Sequence alignment between GlgX, TreX from , and isoamylase from showed common features, including four conserved regions among amylases in the GH13. The three-dimensional structure of an archaeal glycogen debranching enzyme, TreX, shows similarity to the structure of GlgX. However, TreX has both glucosidase and transferase activities. The preference for branch chain length varies among bacteria. TreX is unique in exhibiting higher activity on branched substrates with longer maltooligosaccharides, while the debranching enzyme from (NPDE) shows high specificity for long branch chains (DP > 8). These differences in specificity for branch chain length between GlgX, TreX, and NPDE suggest that glycogen degradation in other bacteria may differ from that in .
The three-dimensional structure of GlgX from K12 was determined at 2.25 Å resolution. The structural features observed at the substrate binding groove provided a molecular explanation for the unique substrate specificity of the Glc4 branch chain () suitable only for Glc4 of GlgP-limit dextrin. This strict specificity ensures that the debranching enzyme will not interfere with the normal process of branching during glycogen biosynthesis in Consequently, GlgX does not hydrolyze native glycogens, starches, or linear maltooligosaccharides. As Glc4 released from GlgP-limit glycogen by GlgX must be further metabolized, it has been postulated that the product, Glc4, may be elongated through the action of MalQ and further processed by GlgP. However, a better understanding of the mechanisms and kinetics is needed due to the complex enzyme system that includes MalQ, GlgX, GlgP, and MalP.
The roles of MalQ enzymes from various microbes have been investigated. The amino acid sequence deduced from MalQ was 85% identical to the sequence of (Enterobacteriaceae) and 49% identical to . The disproportionation enzyme, D-enzyme (corresponding to MalQ in ), is considered to play an important role in starch metabolism in plants. The plant pathway of maltose metabolism is similar to that of bacteria, including Ruzanski successfully replaced the plant 4-α-glucanotransferase (DPE2; corresponding to MalQ) with the bacterial amylomaltase MalQ. Maltose metabolism was compared between and . Interestingly, the D-enzyme in may be equally involved in starch anabolism and catabolism. Similarly, given the main physiological role of MalQ in 2‒40, it has been suggested that MalQ may have roles not only in maltose utilization but may be involved in metabolism of maltodextrins formed during glycogen degradation in this bacterium. Therefore, enzymes involved in both the maltose system and biosynthesis of glycogen may participate in the degradation process in .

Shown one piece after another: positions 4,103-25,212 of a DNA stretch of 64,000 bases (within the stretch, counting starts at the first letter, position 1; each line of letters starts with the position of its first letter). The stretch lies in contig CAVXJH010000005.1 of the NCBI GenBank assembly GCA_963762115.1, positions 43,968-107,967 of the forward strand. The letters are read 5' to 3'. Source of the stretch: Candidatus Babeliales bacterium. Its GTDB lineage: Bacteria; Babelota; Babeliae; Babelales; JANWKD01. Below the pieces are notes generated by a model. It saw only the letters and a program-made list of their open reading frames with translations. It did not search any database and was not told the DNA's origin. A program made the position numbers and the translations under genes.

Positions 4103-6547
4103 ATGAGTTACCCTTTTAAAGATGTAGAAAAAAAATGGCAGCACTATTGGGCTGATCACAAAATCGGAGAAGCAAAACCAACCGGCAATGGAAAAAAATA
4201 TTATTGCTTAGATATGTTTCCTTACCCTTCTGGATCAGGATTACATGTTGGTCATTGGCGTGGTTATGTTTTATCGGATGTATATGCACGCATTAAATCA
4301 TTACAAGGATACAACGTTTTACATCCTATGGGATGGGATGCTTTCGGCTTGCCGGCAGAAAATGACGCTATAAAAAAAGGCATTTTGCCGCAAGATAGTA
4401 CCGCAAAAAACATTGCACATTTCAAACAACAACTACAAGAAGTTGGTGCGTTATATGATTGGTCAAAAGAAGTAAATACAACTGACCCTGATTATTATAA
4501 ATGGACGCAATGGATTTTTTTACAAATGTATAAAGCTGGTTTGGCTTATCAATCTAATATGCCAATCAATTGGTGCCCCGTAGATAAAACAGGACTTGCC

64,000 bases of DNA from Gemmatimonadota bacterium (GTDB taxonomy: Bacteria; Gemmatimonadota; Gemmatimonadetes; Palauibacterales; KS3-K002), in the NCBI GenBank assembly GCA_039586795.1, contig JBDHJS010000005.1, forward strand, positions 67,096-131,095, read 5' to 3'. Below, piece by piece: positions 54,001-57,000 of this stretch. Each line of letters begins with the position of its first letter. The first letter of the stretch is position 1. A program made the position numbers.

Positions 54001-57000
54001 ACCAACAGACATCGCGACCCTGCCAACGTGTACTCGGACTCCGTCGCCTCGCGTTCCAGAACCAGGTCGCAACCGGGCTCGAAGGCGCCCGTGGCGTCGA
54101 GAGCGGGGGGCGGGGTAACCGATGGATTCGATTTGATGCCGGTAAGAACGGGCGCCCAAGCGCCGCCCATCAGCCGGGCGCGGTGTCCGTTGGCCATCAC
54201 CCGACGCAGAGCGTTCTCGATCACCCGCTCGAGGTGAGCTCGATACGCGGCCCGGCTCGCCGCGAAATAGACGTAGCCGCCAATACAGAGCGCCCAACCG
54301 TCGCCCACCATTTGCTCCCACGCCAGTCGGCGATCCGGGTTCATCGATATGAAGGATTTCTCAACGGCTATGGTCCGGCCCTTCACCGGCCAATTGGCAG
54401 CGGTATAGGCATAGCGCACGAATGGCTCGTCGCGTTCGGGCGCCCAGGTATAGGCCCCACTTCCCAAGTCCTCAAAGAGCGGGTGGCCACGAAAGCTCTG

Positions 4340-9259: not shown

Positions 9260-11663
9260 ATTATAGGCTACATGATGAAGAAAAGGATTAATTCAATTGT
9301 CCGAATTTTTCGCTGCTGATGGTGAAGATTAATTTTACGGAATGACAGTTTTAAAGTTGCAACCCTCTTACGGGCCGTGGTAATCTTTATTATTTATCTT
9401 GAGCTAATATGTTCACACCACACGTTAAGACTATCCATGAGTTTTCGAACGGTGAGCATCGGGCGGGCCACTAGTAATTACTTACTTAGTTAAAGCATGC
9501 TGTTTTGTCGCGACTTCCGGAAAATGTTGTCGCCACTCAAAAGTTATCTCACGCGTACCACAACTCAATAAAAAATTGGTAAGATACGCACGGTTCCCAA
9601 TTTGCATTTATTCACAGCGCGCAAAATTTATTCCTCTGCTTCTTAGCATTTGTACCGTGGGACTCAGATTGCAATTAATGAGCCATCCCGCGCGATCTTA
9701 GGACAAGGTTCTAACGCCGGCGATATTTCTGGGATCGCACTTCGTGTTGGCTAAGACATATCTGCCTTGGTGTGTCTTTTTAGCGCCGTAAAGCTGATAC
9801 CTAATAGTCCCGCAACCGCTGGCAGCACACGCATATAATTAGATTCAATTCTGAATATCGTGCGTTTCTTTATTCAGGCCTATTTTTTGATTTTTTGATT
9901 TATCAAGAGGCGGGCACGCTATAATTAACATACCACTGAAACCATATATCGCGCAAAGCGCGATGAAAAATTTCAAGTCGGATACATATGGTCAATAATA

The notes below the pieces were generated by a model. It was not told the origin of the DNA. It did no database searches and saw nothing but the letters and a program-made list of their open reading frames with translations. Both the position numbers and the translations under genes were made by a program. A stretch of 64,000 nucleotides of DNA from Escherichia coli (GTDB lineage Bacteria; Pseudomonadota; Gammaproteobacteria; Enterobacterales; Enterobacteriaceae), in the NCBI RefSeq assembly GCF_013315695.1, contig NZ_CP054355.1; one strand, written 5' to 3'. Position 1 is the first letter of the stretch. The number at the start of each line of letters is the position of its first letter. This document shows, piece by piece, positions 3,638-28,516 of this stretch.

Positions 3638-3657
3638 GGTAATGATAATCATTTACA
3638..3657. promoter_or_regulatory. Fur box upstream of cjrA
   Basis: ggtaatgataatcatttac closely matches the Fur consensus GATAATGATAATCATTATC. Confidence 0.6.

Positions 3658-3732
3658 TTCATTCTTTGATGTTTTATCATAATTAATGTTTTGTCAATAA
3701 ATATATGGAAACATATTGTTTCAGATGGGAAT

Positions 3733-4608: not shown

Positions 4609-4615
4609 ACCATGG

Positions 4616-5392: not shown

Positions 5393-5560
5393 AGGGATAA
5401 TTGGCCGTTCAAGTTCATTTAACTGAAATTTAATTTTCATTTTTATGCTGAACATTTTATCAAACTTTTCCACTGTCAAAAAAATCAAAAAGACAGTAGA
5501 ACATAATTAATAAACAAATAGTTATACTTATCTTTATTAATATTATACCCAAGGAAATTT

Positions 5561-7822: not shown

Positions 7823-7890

Glycogen is one of the key carbon sources for infectious microbes, such as , , and , that are classified as clinically important human pathogens. Thus, microbes must obtain nutrients from their host environment during infection. The interaction of bacteria with plants is solely extracellular, while interaction with animal hosts can be intracellular or extracellular. They contain a minimal set of enzymes, with activities sufficient to use glycogen as a source of carbon energy. Several bacterial genomes, such as those of , , and , appear to have the minimal set of glycogen-active enzymes GT5 (GlgA), GT35 (GlgP and MalP), and GH13 (GlgX and GlgB), but no GH15 (glucoamylase). Therefore, investigation of the microbial complex carbohydrate utilization pathways may generate novel insights into host-pathogen interactions.
A study on mutants with deletions in the glycogen and gene clusters indicated that the action of MalQ on maltose or maltodextrin can lead to glycogen formation. Park proposed a model of maltodextrin utilization for the formation of glycogen in the absence of GlgA. As shown in , MalQ plays an important role in the interconnection between GlgA-dependent glycogen synthesis and the maltose utilization system, as glucose formed from maltose by MalQ may also enter the glycogen synthesis pathway in via GlgA. Moreover, can form the primer required for the elongation process by the disproportionation reaction of MalQ. This was consistent with the lack of glycogenin analogs in bacteria and the genomes of bacteria known to accumulate glycogen.